President Trump taints everything and everyone he touches. He besmirched his inauguration in 2017 with a speech that spoke to the worst in America; he has now gone one further with a State of the Union address that turned what is supposed to be an uplifting, unifying moment into a partisan campaign rally. He sank, as always, to the occasion. It might have been effective theater, but it was appalling behavior.

With a graceless performance that began with his seeming rebuff of the outstretched hand of Speaker Nancy Pelosi (D-Calif.) and continued with what she accurately described as a “manifesto of mistruths,” Trump managed to bait the ordinarily canny and controlled speaker into making mistakes that distracted attention from where it belonged: on Trump.

Pelosi has the patience forged from being the mother of five and the leader of Democrats. She restrained her unruly caucus until the evidence of the president committing impeachable offenses was too serious to ignore. She has treated Trump less with anger than with something closer to disdain tinged with pity. “I pray for the president,” she has said.

Perhaps as a result, few in public office have seemed so gifted at getting Trump’s goat. The president with a homing instinct for the damaging nickname has struggled to find a way to tag her. “Nervous Nancy’s unhinged meltdown!” Trump tweeted in October, over a picture that showed the speaker, the lone woman at a table full of men, standing and pointing her finger at Trump during a discussion about his decision to withdraw U.S. troops from Syria. But Pelosi looked commanding, not nervous.

Her capacity to get under presidential skin was revealed in Trump’s unhinged letter to Pelosi the day before the House impeachment vote. “Even worse than offending the Founding Fathers,” he wrote, “you are offending Americans of faith by continually saying ‘I pray for the President,’ when you know this statement is not true, unless it is meant in a negative sense. It is a terrible thing you are doing, but you will have to live with it, not I!”

All of which is to say, Pelosi is ahead on points. But on Tuesday night, she lost ground — first with her failure to include the ordinary salutation of respect for the office — “high privilege and distinct honor” — in introducing Trump; and then second, and more flagrantly, with her ostentatious ripping up of the State of the Union text, not once but twice, even as Trump was standing at the podium, basking in Republican cheers.

Pelosi took one set of papers and tore them in half. She briskly arranged another stack and ripped again, before gathering the pile and tossing it on the desk with evident distaste. “It was the courteous thing to do, considering the alternative,” she said afterward.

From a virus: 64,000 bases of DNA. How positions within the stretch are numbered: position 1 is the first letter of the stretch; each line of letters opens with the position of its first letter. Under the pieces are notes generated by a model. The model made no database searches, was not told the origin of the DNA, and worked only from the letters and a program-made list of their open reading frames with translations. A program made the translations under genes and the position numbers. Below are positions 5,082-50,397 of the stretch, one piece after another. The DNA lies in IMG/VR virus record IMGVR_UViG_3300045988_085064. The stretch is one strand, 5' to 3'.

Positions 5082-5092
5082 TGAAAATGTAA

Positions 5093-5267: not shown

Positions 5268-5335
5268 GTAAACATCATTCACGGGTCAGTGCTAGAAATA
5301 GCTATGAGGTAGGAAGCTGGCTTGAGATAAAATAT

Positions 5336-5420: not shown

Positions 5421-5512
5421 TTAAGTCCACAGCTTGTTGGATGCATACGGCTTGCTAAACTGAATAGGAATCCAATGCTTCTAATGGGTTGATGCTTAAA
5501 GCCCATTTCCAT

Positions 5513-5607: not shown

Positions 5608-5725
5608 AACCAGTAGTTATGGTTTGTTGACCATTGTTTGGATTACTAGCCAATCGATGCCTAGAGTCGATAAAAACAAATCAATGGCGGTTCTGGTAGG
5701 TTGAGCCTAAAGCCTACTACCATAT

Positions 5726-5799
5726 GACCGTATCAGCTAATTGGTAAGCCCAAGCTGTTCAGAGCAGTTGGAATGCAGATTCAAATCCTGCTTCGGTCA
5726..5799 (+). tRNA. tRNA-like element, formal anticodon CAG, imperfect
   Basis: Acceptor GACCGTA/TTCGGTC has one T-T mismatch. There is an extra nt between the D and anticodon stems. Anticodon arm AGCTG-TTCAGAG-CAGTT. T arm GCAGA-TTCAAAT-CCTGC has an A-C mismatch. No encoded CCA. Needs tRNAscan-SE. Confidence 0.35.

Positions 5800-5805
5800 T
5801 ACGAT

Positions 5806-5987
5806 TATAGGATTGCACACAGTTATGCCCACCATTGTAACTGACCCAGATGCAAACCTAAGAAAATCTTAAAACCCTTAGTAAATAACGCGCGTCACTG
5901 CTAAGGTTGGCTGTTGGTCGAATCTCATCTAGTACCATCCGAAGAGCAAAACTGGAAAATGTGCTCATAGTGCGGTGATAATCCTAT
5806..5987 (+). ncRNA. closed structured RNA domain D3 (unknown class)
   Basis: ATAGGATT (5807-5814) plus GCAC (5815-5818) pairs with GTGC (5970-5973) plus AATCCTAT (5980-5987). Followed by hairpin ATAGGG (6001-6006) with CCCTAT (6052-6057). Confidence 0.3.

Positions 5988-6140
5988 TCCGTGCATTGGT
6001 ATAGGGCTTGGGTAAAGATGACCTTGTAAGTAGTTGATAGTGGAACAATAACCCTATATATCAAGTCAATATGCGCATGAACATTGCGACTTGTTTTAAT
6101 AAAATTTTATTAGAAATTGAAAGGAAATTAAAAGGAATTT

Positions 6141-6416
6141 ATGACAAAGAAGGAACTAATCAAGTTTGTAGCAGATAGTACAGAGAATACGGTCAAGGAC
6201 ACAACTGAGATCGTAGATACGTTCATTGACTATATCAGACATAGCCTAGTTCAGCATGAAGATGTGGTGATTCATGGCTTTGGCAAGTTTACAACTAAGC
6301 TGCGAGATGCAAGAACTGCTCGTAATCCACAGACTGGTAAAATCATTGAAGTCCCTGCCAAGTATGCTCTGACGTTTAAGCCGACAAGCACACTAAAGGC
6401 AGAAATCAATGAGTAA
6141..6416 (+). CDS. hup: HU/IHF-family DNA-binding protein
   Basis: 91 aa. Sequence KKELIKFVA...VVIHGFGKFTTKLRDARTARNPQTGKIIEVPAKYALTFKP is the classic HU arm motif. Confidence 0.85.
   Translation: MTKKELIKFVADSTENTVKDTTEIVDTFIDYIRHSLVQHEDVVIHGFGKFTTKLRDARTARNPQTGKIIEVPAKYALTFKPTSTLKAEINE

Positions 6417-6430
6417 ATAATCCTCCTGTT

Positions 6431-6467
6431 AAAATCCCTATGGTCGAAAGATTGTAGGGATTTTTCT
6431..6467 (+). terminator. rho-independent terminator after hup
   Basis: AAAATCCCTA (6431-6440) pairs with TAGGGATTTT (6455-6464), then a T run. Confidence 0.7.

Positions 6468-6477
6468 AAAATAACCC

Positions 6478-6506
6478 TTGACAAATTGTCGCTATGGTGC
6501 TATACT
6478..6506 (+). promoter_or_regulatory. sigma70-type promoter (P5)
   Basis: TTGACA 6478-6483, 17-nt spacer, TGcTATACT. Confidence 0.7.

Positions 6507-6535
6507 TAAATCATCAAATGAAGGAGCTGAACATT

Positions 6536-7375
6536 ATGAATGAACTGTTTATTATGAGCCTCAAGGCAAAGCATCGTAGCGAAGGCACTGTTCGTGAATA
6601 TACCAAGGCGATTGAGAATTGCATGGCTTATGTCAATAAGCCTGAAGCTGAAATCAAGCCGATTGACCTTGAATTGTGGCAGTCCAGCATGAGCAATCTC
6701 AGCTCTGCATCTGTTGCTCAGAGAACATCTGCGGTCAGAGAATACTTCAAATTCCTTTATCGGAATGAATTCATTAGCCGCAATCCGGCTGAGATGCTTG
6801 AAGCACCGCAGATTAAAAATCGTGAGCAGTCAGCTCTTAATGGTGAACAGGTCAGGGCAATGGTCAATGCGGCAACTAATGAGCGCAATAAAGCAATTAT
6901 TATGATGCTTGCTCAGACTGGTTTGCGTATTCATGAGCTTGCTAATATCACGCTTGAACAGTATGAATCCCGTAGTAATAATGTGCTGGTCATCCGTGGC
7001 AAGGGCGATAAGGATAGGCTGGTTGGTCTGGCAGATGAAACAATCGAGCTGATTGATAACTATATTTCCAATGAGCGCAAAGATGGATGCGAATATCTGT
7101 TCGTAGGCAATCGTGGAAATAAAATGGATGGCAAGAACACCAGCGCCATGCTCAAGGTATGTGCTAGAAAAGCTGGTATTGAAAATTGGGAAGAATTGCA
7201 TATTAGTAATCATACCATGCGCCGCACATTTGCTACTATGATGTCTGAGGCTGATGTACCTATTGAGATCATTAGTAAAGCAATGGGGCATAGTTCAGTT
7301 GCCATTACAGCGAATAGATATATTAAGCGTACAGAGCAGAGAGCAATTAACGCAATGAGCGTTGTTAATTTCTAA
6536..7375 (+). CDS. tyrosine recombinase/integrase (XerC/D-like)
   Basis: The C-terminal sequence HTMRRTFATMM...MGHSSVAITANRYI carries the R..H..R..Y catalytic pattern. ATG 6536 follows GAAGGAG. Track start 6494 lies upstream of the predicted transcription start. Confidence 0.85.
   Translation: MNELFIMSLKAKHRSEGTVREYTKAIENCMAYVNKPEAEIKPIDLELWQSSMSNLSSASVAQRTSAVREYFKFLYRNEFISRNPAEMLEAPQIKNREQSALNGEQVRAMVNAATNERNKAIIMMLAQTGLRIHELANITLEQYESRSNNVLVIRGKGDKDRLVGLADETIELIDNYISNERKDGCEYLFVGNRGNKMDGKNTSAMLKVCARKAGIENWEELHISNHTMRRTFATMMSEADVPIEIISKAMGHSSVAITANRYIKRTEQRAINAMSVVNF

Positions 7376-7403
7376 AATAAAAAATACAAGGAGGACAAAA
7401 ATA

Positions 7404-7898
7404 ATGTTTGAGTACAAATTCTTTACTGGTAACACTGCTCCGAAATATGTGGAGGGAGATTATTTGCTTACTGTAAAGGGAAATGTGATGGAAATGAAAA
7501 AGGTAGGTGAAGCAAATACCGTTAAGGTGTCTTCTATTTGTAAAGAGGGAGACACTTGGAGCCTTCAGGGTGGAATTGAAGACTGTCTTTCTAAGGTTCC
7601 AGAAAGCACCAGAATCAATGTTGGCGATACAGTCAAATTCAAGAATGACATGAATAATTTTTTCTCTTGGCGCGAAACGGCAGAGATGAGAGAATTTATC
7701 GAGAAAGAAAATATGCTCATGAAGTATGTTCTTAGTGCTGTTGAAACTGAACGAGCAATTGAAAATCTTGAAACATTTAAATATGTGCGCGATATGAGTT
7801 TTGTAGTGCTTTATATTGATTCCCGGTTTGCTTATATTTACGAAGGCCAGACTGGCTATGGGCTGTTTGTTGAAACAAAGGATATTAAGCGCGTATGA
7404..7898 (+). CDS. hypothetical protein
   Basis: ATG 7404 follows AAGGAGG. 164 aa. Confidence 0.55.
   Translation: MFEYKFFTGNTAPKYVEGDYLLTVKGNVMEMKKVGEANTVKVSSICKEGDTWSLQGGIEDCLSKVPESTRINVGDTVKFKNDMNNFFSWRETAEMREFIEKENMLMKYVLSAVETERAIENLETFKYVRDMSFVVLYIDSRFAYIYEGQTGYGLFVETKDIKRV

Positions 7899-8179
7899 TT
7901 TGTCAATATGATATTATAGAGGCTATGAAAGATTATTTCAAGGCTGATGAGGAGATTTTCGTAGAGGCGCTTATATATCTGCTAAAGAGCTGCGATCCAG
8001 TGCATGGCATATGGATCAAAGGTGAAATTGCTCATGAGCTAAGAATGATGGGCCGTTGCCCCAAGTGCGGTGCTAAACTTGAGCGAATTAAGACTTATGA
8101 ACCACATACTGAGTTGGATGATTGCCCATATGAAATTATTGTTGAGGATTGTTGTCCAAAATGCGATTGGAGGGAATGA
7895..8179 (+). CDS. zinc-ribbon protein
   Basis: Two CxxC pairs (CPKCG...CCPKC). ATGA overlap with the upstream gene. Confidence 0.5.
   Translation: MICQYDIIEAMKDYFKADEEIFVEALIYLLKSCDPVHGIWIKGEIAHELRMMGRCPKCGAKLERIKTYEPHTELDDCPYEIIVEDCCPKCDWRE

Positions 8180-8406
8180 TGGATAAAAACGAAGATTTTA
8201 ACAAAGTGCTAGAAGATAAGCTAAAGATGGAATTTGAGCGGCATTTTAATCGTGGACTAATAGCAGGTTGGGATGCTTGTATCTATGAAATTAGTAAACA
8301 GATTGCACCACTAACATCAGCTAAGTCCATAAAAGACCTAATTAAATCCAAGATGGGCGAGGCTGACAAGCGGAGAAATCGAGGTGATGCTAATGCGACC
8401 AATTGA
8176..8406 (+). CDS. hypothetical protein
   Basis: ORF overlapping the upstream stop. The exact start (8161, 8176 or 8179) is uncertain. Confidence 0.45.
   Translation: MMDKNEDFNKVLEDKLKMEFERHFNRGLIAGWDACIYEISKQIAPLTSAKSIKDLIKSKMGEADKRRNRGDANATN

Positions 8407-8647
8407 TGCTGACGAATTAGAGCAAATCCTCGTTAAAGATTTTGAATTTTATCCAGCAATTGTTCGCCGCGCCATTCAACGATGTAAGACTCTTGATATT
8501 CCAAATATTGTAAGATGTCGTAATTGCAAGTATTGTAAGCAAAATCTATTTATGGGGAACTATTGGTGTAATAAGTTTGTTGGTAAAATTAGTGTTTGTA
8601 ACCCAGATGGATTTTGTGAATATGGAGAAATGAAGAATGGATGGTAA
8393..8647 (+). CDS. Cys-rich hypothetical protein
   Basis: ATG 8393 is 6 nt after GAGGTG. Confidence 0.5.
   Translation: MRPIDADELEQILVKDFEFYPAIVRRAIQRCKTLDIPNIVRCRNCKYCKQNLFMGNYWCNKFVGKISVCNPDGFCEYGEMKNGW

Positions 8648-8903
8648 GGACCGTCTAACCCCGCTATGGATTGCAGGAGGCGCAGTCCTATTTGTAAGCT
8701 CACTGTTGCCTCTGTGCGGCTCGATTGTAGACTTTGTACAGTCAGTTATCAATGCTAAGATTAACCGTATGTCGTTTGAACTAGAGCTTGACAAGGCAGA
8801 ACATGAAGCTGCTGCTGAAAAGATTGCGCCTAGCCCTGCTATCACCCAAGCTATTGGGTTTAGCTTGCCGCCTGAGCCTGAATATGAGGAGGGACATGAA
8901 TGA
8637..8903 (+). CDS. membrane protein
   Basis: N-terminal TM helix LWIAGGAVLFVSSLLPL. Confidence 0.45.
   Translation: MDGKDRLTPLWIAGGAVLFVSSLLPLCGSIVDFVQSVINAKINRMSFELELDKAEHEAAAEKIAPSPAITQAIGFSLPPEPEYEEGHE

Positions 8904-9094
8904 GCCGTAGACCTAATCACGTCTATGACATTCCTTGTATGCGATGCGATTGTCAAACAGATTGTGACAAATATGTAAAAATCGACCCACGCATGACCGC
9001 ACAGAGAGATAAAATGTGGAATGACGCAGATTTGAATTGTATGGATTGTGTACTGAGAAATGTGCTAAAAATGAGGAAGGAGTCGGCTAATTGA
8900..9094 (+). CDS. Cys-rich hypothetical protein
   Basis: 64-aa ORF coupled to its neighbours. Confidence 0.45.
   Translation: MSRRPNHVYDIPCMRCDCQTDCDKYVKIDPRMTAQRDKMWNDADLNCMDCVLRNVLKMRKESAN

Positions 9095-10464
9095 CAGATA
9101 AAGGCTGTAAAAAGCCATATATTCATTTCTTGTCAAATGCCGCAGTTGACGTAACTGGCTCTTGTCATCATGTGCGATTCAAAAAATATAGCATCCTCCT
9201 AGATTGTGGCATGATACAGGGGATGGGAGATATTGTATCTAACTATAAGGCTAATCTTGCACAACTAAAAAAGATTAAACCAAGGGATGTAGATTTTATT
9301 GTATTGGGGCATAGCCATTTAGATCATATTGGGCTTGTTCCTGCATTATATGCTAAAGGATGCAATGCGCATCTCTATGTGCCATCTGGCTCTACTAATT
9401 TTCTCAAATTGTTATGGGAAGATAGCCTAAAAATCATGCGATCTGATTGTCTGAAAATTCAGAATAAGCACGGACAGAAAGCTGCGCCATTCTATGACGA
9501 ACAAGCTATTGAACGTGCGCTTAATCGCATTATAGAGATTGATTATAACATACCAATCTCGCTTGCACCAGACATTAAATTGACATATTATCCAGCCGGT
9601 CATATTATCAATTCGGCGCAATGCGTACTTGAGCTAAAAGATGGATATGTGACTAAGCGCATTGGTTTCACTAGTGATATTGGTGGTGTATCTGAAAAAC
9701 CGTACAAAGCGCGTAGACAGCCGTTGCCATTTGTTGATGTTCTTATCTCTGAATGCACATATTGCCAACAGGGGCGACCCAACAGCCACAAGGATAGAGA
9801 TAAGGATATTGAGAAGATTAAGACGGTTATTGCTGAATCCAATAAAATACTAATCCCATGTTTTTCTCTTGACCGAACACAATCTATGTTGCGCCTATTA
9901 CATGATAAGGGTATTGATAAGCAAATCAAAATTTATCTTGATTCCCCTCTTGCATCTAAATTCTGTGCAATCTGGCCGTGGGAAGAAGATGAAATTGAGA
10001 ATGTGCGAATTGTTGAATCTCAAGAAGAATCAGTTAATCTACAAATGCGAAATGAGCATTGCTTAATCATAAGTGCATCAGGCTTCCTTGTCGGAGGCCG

Maybe so, but it was also a mistake. You could see Pelosi’s fury building through Trump’s speech. She shook her head, examined papers as though she had something more pressing to attend to, looked everywhere but at the president standing right before her.

Every parent — this parent, anyway — has experienced that moment, when your child pushes you over the edge, you snap and you yell — or worse. In that instant, you lose the moral high ground and find yourself, instead, mired in an argument about who behaved worse.

I can hear you yelling, readers, so let me be clear about who behaved worse: Trump. Trump. A thousand times Trump.

But this is not about both-sides-ism. It is about smart tactics. And smart tactics mean not giving the opposition an opening to change the subject or go after you.

They’ll go after you as in Vice President Pence calling her paper-ripping “a new low.” As in Trump’s repeated retweets, promoting the hashtag #PelosiTantrum. Former U.S. ambassador to the United Nations and (no doubt) future presidential candidate Nikki Haley chimed in, “Disappointed to see @SpeakerPelosi rip up the speech that mentioned lives we’ve lost and heroes we celebrated at the SOTU."

This is, of course, performative outrage. No one can reasonably interpret Pelosi to be disrespecting anyone other than Trump himself — which he fully deserved, even if the wiser move under the circumstances would have been to turn the other cheek. As Trump’s GOP opponents learned the hard way during the 2016 campaign — recall Sen. Marco Rubio (R-Fla.) on men with “small hands” — there is no out-Trumping Trump. You only hurt yourself by descending to his level.

At last year’s State of the Union, Pelosi owned Trump with a sarcastic clap that became an instant meme. On Tuesday night, Pelosi uncharacteristically let Trump own her.

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